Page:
The Flat Market: How to Trade When There Is No Trend?

 You have probably already heard that in most cases traders don’t trade on the flat market. What they do is try to find a trend and follow it. But what if there is no strong trend present? Is it at all possible to trade on a flat market?


A flat market is hard to work with for both novice and experienced traders. There are times when nothing happens and the only thing you can do is wait. When the market is flat, prices move sideways, oftentimes erratically, and technical signals that usually provide somewhat decent results stop working.


Trading on the flat market

The bad news is that the market is flat more often than it is not. The good news is that there are techniques that will let you trade on the flat market but only if you learn how to apply them correctly.


When the market is flat, prices tend to move within a certain range. In this particular case, we will divide all ranges into short-term and long-term. The type of range you are looking for will depend on the time frame you prefer to trade. Short-term traders are usually looking for a short-term range (where prices can move from top to bottom in less than 10 candles). If you are a long-term oriented trader, you might be looking for a range with at least 10 candles within it.


The longer-term range is the easier of the two to trade because there is the time between bounces for prices to develop a trend and for technical indicators to spot that trend. On a daily chart, this range type can last from a couple of weeks to several months depending on the asset and particular market conditions. The idea here is to follow the trend as it moves up toward the top or down toward the bottom of the range.


Here is what you might want to do when you spot a move within a longer-term range: switch to a lower time frame and try to confirm or decline your guess.


Take a look at the example below. On this chart, you can see the USD/JPY traded in a narrow range for the duration of almost two months. As we get closer to May, 19 the price action makes another attempt to test the resistance level.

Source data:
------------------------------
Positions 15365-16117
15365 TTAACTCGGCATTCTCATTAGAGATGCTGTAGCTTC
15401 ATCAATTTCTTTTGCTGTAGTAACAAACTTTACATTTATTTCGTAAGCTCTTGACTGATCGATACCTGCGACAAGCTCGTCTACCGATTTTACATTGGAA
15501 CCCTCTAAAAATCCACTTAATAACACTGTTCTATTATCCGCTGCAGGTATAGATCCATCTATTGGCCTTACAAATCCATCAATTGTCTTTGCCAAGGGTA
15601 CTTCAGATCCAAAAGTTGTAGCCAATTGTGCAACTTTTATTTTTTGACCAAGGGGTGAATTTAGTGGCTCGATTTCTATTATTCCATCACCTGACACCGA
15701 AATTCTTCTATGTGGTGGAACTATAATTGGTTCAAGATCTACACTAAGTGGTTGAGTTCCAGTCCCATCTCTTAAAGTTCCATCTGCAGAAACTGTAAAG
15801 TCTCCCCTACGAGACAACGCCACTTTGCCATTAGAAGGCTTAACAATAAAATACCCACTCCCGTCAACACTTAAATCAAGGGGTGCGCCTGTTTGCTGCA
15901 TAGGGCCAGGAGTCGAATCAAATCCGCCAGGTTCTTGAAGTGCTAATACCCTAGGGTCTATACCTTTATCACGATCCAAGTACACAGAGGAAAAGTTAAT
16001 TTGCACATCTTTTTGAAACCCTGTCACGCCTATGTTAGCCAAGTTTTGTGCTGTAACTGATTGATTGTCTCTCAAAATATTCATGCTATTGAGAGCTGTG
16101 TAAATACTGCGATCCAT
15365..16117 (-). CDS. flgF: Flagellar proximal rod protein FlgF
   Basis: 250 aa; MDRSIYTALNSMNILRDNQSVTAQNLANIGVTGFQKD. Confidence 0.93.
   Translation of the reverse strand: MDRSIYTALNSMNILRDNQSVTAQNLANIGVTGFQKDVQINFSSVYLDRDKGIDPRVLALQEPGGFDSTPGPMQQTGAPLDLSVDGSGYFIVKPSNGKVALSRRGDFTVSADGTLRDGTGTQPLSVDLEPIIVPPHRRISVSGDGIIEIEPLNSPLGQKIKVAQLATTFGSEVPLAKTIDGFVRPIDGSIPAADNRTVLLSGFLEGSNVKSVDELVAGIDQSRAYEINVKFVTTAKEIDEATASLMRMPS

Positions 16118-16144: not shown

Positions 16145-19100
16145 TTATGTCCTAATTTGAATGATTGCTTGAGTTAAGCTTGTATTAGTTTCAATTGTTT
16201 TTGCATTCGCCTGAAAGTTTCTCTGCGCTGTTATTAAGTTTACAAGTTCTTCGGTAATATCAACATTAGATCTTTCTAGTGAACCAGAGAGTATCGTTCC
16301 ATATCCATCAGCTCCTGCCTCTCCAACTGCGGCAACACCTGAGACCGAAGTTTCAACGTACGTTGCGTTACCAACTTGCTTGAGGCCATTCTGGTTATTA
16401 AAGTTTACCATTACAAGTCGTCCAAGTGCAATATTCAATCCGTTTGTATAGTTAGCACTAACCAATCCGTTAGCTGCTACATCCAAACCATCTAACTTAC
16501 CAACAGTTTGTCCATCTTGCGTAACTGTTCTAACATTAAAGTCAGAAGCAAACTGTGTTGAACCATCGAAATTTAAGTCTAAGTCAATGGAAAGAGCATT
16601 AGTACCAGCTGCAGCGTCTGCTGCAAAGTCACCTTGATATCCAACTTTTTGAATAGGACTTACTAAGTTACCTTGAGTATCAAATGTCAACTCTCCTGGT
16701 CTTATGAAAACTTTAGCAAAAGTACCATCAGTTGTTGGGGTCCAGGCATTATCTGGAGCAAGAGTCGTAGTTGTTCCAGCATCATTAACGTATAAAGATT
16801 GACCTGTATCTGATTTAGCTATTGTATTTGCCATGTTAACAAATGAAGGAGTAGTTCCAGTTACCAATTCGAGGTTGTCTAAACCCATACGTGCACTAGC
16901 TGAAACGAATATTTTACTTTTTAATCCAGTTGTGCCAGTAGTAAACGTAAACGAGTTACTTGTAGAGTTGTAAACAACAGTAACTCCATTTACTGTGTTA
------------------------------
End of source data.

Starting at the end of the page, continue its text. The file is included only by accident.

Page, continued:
What additional hints of a possible breakthrough the chart is providing? Take a moment to observe the screenshot and make an educated guess yourself before you scroll down and find the answer. Remember that we do not yet know what will happen next.


Is it the beginning of a new trend or rather a mere price swing? This is the third time within this particular range when the price gets close enough to the resistance levels, which means that there is real buying pressure. Also, note that during the last negative swing shadows of the red candles didn’t cross the support line.




Now you can switch to 4-hour candles and apply MACD and Stochastic Oscillator to the chart. We can see that both indicators provide a ‘bullish crossover’ signal, that happens when the indicator goes above the zero lines. Still, it is quite possible for price action to reverse and continue moving within the range. It might be a good idea to wait for at least one candle to close above the resistance line. In this case, the breakthrough is actually confirmed. However, if the price bounces off the resistance line it is likely to continue moving down, at least for some time.




The more confirmation signals you stack on each other the higher are the chances for a breakthrough.


Short-term ranges

Short-term ranges are harder to trade given you are already working on a shorter time frame where changes are swift and traders have to act quickly. Short-term trading also involves a higher degree of price noise that can negatively affect the accuracy of signals and confirmations that you receive. The rules and the general logic is the same, however. When trading in a range, you might consider closely watching support/resistance levels and waiting for confirmation.